Asked to elaborate on the mid- to long-term impact of the UEMS approval, Lee opined that with “this IR training curriculum, and with competency assessment through the EBIR, patients will be treated safely and effectively throughout Europe, and perhaps, in the fullness of time, the putative goal of harmonisation of training across Europe, and the free movement of IR professionals across borders, will become a reality”.

Like Uberoi, Lee emphasised the significance of the curriculum including the resources and requirements for trainers and training institutions, as this has not been done in previous versions. This will enable “robust training”, he added, the product of which will be “doctors who are fit for purpose”. Moreover, Lee underlined how important it is that the curriculum and UEMS endorsement break new ground—“it is another step on the road for interventional radiologists in forging their own destiny”.

Benefits of multilingual curriculum and syllabus “manifold”

Maria Weren, head of certification and accreditation at CIRSE, added her voice to the discussion on the latest curriculum update. She began by outlining how this comprehensive training programme consisting of a curriculum, an examination, an article and structured learning resources can be “easily, fully or partially, adopted by, or integrated into, national training and certification pathways, which will push clinical services in IR and support the further development of IR as an established and growing medical field”. The ultimate goal off the back of this is that, with more trained practitioners, more patients can access IR services, she expanded. Regarding access to the curriculum itself, Weren averred that there are plans to publish it in additional languages, “not least because the [EBIR] examination is offered in German and Spanish through collaboration with national IR societies”.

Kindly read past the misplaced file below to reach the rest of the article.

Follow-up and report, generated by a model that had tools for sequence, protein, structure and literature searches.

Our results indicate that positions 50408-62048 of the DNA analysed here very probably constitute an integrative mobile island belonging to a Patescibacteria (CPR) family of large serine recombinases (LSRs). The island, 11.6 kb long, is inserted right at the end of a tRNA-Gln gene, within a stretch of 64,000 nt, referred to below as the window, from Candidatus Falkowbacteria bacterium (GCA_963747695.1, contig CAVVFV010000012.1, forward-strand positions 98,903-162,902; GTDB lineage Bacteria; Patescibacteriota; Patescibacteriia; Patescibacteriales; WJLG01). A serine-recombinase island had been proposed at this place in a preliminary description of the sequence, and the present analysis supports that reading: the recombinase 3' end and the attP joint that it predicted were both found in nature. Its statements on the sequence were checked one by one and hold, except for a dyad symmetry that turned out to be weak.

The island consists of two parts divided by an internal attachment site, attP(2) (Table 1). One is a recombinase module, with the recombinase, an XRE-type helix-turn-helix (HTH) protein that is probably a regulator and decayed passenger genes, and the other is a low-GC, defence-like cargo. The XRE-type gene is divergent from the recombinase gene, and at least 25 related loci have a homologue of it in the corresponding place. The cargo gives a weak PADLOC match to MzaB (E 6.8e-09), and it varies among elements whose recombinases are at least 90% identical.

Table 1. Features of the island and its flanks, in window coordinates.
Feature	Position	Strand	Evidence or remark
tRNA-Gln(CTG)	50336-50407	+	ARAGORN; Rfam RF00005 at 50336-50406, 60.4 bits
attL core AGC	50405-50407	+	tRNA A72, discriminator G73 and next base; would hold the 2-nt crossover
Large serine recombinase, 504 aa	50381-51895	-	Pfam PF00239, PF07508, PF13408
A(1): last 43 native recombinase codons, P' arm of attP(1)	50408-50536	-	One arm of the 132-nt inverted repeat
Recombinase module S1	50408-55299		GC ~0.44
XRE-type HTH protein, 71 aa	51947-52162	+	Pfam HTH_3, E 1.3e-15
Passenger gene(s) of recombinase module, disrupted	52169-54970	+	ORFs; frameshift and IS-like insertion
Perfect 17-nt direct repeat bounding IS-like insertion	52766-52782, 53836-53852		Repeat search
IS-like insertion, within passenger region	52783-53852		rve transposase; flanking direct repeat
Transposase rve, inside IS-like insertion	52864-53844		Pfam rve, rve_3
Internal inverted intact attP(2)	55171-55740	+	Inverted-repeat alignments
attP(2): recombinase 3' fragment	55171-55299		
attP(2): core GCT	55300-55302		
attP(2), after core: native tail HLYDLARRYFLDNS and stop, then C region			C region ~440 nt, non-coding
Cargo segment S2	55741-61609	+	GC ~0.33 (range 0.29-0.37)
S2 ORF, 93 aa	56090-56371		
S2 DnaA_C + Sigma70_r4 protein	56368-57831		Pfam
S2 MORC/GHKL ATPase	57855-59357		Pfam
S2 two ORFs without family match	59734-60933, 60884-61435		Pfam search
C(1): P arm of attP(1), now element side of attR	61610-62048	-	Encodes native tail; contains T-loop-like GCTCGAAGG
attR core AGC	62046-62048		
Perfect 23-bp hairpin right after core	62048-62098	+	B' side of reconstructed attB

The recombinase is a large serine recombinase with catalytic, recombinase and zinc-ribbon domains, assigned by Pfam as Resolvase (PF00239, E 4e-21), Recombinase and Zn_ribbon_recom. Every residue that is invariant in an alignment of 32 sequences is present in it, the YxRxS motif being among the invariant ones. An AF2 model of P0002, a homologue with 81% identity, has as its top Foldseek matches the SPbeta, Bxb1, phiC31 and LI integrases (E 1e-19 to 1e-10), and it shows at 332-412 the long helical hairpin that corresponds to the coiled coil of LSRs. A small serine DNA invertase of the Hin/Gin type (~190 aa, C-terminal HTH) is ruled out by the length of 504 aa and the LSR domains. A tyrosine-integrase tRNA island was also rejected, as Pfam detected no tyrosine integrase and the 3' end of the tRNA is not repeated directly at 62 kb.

Probed as to the potential global reach of a multilingual curriculum and EBIR, Weren set out benefits to interventional radiologists in and outside of Europe using them. “All areas of the broad medical field are covered, [meaning] an interventional radiologist [can] expand their general IR knowledge and have this excellent knowledge base attested to through EBIR certification. Widespread recognition also allows greater job mobility and can be a real career boost for young doctors. In countries like Switzerland or Germany, the qualification has found its way into hospital accreditation, which means it is a prerequisite for centres to employ certified interventional radiologists.”

Supplementing this, Weren mentioned that EBIR diploma holders “can also gain advanced certification in the field of endovascular therapy, as CIRSE also offers the European Certification for Endovascular Specialists”. She explained that this is a documented-experience certification that aims to further recognition of interventional radiologists as experts in minimally invasive and image-guided endovascular treatment.

Weren’s final note summarises the importance of the new curriculum and syllabus and its endorsement by over 40 national IR societies, within and outside Europe, “whose common goal is to strengthen IR and help many patients with its minimally invasive therapy options”.